South Africans are among the heaviest drinkers in the world in terms of both body weight and quantities consumed. We’re not quite top of the log yet, but the Rugby World Cup is pushing us closer to Zimbabwe’s heroic levels of abuse. I’m starting to think rugby is unwatchable sober. Has it ever been tried?
None of my family showed any interest in rugby while I was growing up. The only events my father took me to as a kid were stock car racing and wrestling. Fast cars and violence. People smashing into each other. That was my introduction to the world of sports.
I managed to avoid rugby at school and, miraculously, in the army. Instead, I played tennis. It seemed more sensible to do a sport that didn’t involve the possibility of broken bones and brain damage. Never mind ending up with cauliflower florets for ears.
Speaking of blunt trauma, I have watched the odd rugby match over the years. You can’t spend as much time in bars as I do and not have a game splayed across a screen bolted to the ceiling beyond the reach of drunks, thieves and sociopaths.
I think what put me off the game back then, was the referee blowing his whistle every four seconds. Not understanding the rules made it so much worse. For me, not the referee. That’s why I enjoyed the opener against France and New Zealand. Jaco Peyper barely used his whistle. With his South African instinct for turning a blind eye to transgressions, the game flowed nicely.
And while I remain ambivalent towards rugby, there’s something about a World Cup that snags my attention. As a kid, I would dream of one day being the best in the world at something. Whatever it was, it would have to take minimal effort and pay handsomely. It was more the adoration of massive crowds I was after. I like to think I might still have a shot. Not as an individual, obviously. That ship has sailed. But if I can join a team that’s very, very good at something, and I can sort of hang around at the back, then maybe. Just maybe.
Loadshedding kicked in as the opening ceremony began. Once I had bought a handful of data and worn myself out cursing the ANC for breaking my country, I returned just in time to feel as if I was in a street in Paris. Several streets. All at once. On acid. It was like watching a nouvelle vague production made up of dream sequences cobbled together from low-budget art films and randomly spliced together with confusing music and garbled narration.
The Kiwis put on a spirited haka but the cheese-eating surrender monkeys looked unimpressed. Then again, the French only have two facial expressions, the other being a mouth-shrug. As it turned out, New Zealand was exhausted after their haka and France won, despite having a red chicken on their shirts. Then again, our new shirts are the fashion equivalent of shining a strobe light into an epileptic’s face.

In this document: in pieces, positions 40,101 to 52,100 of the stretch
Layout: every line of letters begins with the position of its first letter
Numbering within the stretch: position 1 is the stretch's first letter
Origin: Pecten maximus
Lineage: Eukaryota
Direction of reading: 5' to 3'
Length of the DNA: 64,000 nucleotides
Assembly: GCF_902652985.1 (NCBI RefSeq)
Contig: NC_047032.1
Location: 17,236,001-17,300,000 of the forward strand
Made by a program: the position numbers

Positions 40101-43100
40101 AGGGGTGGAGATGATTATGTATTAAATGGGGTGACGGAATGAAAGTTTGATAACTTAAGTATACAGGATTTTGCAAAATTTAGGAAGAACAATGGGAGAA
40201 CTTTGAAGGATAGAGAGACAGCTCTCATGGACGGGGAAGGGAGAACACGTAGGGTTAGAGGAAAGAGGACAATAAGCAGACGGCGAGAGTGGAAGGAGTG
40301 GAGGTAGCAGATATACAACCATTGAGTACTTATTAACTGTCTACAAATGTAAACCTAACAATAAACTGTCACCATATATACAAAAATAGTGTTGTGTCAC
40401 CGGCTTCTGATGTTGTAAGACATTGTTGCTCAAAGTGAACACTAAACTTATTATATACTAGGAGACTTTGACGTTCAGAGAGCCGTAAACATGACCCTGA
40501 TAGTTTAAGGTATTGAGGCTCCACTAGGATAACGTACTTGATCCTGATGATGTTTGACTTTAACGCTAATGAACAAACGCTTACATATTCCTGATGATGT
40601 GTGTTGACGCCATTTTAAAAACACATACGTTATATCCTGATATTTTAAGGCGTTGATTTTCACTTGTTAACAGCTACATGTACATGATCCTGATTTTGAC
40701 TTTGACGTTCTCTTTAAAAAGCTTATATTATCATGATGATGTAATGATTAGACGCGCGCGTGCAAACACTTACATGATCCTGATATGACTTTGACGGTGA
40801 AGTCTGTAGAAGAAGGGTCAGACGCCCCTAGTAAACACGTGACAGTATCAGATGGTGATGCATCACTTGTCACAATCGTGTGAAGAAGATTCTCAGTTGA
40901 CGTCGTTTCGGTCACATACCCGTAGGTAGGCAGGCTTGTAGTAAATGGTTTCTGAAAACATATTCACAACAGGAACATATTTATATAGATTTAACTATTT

I also watched a bit of Italy versus Namibia, but only because I was once trapped for 10 years in the hellhole that is Windhoek and needed closure. Schadenfreude, too. Even though some of their players are built like Springboks, they are clearly Afrikaners lite because they lost by 44 points. That’s what happens when you’re fed Jägermeister as an infant. Namibia play New Zealand on Friday. They’ll probably win.
I’ve noticed there is still way too much blowing of whistles. And apart from being a complete waste of time, scrums are deeply weird. Have you seen what goes on in there? Men have their heads wedged between other men’s thighs. During one of the roughly 847 scrums I watched in one game, the ref shouted, “Get ya bum in!” What? There are children watching at home. Let’s keep it clean.
When the Boks played Scotland, I chose to watch at home on my own. A swivel-eyed loner sitting in the corner drinking heavily, taking notes and yelling incoherently every time there’s a scrum makes people nervous. You need to be among friends at the pub. Strangers might take offence if I hugged them every time someone scored. Especially if I shouted, “Get ya bum in!”
I was very proud that the Boks were the first team to start throwing punches. There’s nothing like Eben Etzebeth grinning at the prospect of a bit of violence to scare the opposition.
I see there have been nasty remarks made about the bomb squad, who aren’t so much rugby players as they are human dolosse. Or, as former Welsh player Alix Popham put it, “seven huge mutants”. Ainsley Hay once said, “A white springbok will not contribute to the springbok population because it’s a mutant.” Then again, she was with the Wildlife Protection Unit of the NSPCA at the time.
I felt proudly South African after the game. Then I read the Sunday papers and went back to being ashamed.